The Cocoricò club was another Adriatique hub for electronic music, where Bucci spent most of his teenage weekend nights. Long before moving to Brussels, this was his first encounter with Belgian electronic music. House, Techno, New Beat and Trance were being played in Cocoricò and Belgian DJs often travelled there for gigs. When Bucci wasn’t dancing in the main room “La Piramide”, he spent hours in Morphine, an ambient room which throughout the 90s hosted real legends, from DJ Morpheus to Mixmaster Morris, from Arto Lindsay to the Italian duo Krisma. After having discovered this secretive space, Bucci got hooked on its laid back vibe and adventurous music atmosphere. “The music played by the host himself - David Love Calò - was incredibly eclectic, ranging from Balearic to ambient, from disco to new wave. I learned a completely different way of listening, it had a major influence on the rest of my life and musical taste.”

Bucci started DJing himself and at a visit to Lowlands Festival in Holland in 2004 he got a first and galvanizing glimpse of the international music industry. He bought two turntables and started a DJ duo called JackiAntenna and got involved in its very first festival ‘Tosaerba’, the Italian word for lawn mower. The event was DIY and small sized, but at the peak of its five years existence it attracted up to a thousand visitors. “The festival site was at a friend’s country side house”, Bucci recalls. “We had a massive field, a forest, a truck with a DJ booth, a pool, a campsite and even little markets selling space cookies, records or offering massages. The house was located in San Marino, while the field was in Italy. This prevented both their police services to stop us, turning our festival in a sort of free zone. We always played the closing DJ set, I have fond memories of these years.”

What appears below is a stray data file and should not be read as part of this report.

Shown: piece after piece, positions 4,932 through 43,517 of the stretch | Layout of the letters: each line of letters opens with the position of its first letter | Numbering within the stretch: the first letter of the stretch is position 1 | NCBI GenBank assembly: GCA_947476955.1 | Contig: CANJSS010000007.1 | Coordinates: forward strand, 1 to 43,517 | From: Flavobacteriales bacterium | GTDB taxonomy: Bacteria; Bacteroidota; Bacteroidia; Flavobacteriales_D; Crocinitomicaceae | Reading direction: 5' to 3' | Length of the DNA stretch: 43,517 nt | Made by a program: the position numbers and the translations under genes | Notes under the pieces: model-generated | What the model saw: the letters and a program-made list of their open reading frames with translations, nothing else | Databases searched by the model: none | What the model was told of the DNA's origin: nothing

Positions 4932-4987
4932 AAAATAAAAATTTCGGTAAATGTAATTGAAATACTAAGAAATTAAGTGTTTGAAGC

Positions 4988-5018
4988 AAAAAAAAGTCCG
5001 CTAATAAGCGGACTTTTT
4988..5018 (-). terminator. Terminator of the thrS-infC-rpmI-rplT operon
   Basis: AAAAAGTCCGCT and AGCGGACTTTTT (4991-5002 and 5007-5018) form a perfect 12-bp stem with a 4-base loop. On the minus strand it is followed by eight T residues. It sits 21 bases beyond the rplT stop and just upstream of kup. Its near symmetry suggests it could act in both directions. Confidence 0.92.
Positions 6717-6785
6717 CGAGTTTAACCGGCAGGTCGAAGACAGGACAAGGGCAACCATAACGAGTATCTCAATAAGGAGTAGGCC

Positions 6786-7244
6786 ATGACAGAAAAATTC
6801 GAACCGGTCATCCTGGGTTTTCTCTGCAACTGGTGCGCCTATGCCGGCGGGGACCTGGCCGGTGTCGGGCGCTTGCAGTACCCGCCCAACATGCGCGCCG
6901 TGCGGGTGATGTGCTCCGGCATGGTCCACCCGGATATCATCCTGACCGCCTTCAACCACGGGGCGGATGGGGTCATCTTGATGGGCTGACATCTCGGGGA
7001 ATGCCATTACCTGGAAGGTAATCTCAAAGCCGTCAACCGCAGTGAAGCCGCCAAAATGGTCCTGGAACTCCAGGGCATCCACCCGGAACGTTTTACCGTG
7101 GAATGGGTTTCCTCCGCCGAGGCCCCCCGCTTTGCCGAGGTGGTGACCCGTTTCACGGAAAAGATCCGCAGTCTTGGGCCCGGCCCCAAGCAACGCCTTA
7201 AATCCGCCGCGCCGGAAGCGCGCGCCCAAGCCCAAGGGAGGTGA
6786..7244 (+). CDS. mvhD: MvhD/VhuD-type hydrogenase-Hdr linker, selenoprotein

Eventually Bucci decided to leave his cosy hometown, motivated to discover the world. Arriving in Brussels in 2011 and believing a political career was custom designed for him, he ended up at a EU lobbying firm. But he soon felt out of place and in 2014 he resigned, slowly starting to believe another future suited him better. For his birthday party in September of the same year, he invited his musical hero Daniele Baldelli to Brussels. In order to pay for his expenses and DJ fee, Bucci organised a crowdfunding campaign and proposed the idea to Gerd De Wilde, the programmer at Bonnefooi at the time. The party was a huge success, linking the past with the present would set in motion many things for the Sammarinese.

Bucci was offered a monthly residency in Bonnefooi, leading to the birth of his nickname Boochie. He invited DJs such as Jan Schulte, Young Marco or Hugo Capablanca, long before their international breakthrough, and more of the Italian masters such as Dj Rocca or Fabrizio Mammarella to play in the cosy center town club. When programmer De Wilde decided to quit the job in January 2015, Bucci took his position, the start of an intense three year-long engagement. “It’s a crazy and hectic place and I had some of the most magical moments there”, he looks back. “Unique are the mixed crowds, all united by a desire to dance and party. Thanks to the excellent Void soundsystem, the proximity and the vibe, it’s definitely the space that connects people to all the weird music that is being played by DJs and bands. “Les Filles De Illighadad and Moor Mother in collaboration with Ancienne Belgique, the Thursday nights with Nosedrip and Captain Starlight dubbed ‘Parels Voor De Zwijnen' as well as DJ soFa and Sixsixsixties’ allnighters were definitely among my highlights.”